Implementing information and communication technologies (ICT) is often mentioned as a strategy that can foster public involvement and responsibility in health. The purpose of this paper is to provide a better understanding of the possibilities and issues afforded by the social uses of ICT for personal empowerment in health.
The paper discusses evidence from four case studies that characterize current computerization and networking processes in health. The studies shared a global framework comprising four interpretative paradigms of personal empowerment: the professional, technocratic, consumerist and democratic paradigms.
The results show the coexistence of four empowerment logics in ICT use. Two trends proved dominant: a strengthening of the control and standardization processes tied to the typical power relationships in health, and a reinforcement of personal autonomy and self‐assertion processes, either through commercial relationships or through the social relationships that are also present.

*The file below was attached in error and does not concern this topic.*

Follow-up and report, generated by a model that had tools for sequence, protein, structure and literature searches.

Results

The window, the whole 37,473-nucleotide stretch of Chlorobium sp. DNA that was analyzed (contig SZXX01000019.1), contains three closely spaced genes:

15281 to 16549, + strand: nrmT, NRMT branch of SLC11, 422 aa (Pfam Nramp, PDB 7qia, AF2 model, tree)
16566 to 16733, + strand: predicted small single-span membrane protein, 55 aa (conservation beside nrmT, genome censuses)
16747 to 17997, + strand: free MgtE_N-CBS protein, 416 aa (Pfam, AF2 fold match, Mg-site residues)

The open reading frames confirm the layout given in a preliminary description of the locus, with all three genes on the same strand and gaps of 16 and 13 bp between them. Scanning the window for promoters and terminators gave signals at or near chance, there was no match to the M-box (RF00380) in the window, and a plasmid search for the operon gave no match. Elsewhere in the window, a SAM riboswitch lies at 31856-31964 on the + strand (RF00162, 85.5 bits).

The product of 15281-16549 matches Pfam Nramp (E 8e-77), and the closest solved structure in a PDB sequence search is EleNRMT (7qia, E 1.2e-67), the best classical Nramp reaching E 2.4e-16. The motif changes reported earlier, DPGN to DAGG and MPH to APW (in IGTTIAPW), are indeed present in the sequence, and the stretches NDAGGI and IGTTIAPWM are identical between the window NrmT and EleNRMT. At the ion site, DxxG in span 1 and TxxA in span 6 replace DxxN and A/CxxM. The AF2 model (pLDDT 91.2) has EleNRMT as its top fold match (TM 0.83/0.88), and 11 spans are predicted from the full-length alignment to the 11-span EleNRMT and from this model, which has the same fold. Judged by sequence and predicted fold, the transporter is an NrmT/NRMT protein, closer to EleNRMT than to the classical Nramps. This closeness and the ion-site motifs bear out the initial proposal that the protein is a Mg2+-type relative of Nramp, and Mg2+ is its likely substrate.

The paper supports the argument that in order to understand the opportunities for personal empowerment offered by ICT the logic underlying user practices in their respective contexts must be examined.
The paper uses data from four case studies to illustrate the contradictory logics shaping the personal empowerment process. Under these logics, an ICT user may play roles as patient, client, consumer, or citizen.
Lemire, M. (2010), "What can be expected of information and communication technologies in terms of patient empowerment in health?", Journal of Health Organization and Management, Vol. 24 No. 2, pp. 167-181. https://doi.org/10.1108/14777261011047336Download as .RIS
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